Fighting Over Money?

by Galia Gichon on July 11, 2010

We all know how to fight dirty.  Especially over money.  But do you know how to fight over money where you get your way and your partner is happy too?  Let’s face it, it takes two to tango.  Keep these fight suggestions in mind next time the dollars and boxing gloves come out!  

    What is the Consolation Prize? 

We all think our money decisions are the most important and should have priority.  Agree to disagree and then decide on a dollar amount of each of you.  For example, a couple I worked with each wanted to spend something specific every month that the other didn’t deem worthwhile.  She loved to get massages and he loved to buy fishing gear.  When we worked through their budget together, we came up with a specific amount they could afford to spend on those items each month: $100 each.  It took the pain away when she got a massage a few times a month and he came home with another $300 fishing pole she thought they didn’t need.  Each of you should walk away with some sort of a consolation prize.  

    See the numbers in Black and White.  

Sometimes you don’t even know what you are fighting for.  For example, you say you want to save for retirement but your spouse doesn’t feel as strongly and then you don’t do anything and are angry.  Well, if you used an online financial calculator together or went through the exercise with a financial advisor, you might see that to retire at age 65, you should be saving $1,700 a month.  Right away, you notice that between both of your 401ks, you are already saving $1,000 a month. Maybe you won’t save the $1,700 but you can easily find the extra $300-400 a month to jump you to the next level.  This can also be applied to buying a home.  Seeing the actual numbers, such as how much you need for downpayment, how much interest rates are, or how much your new mortgage payment will be, can help make a decision if you should buy a home or not.  Fight averted, next topic!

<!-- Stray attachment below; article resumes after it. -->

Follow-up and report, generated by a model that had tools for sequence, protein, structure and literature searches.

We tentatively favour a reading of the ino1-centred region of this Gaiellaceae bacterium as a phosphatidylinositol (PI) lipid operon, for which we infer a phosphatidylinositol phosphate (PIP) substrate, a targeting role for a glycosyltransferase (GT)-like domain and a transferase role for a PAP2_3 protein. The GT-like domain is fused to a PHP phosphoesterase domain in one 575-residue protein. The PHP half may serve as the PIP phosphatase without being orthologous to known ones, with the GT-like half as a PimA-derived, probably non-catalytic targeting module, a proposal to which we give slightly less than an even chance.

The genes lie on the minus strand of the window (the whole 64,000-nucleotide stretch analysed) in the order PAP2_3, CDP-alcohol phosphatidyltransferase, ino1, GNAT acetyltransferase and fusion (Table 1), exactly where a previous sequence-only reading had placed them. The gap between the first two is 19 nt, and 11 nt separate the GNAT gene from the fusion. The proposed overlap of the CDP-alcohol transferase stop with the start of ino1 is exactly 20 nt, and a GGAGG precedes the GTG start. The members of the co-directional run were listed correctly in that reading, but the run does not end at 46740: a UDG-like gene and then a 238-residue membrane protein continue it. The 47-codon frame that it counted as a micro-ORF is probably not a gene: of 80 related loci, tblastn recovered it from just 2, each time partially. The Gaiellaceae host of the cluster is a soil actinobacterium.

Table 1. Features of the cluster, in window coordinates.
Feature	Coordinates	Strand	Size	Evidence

See a Professional. 


It is amazing how much difference it makes to get a third party’s perspective.  I recently saw a couple that really needed help saving more money.  Not that most situations are so one-sided but it was mostly a function of her bad spending habits.  While she was able to take the responsibility in front of me, she also was open to trying to spend differently – which it sounds like she wasn’t open to do with her husband.  I gave her the options of using cash only and really walking her through prioritizing her spending.  She took taxis everywhere because she was an artist and had to carry her work.  We talked about buying a car, which actually made more sense in the long run.  We also discussed buying ready made food instead of ordering in every night.  It was a huge relief to her and both she and her husband, separately, sent me an email thanking them afterwards for helping them move forward.  

    Put yourself in their shoes. 

Sometimes fights arise because you don’t really know what they are going through.  For example, change who pays the bills one month.  Or schedule an appointment with your accountant or financial advisor by yourself.  You will see your finances in a whole new light.

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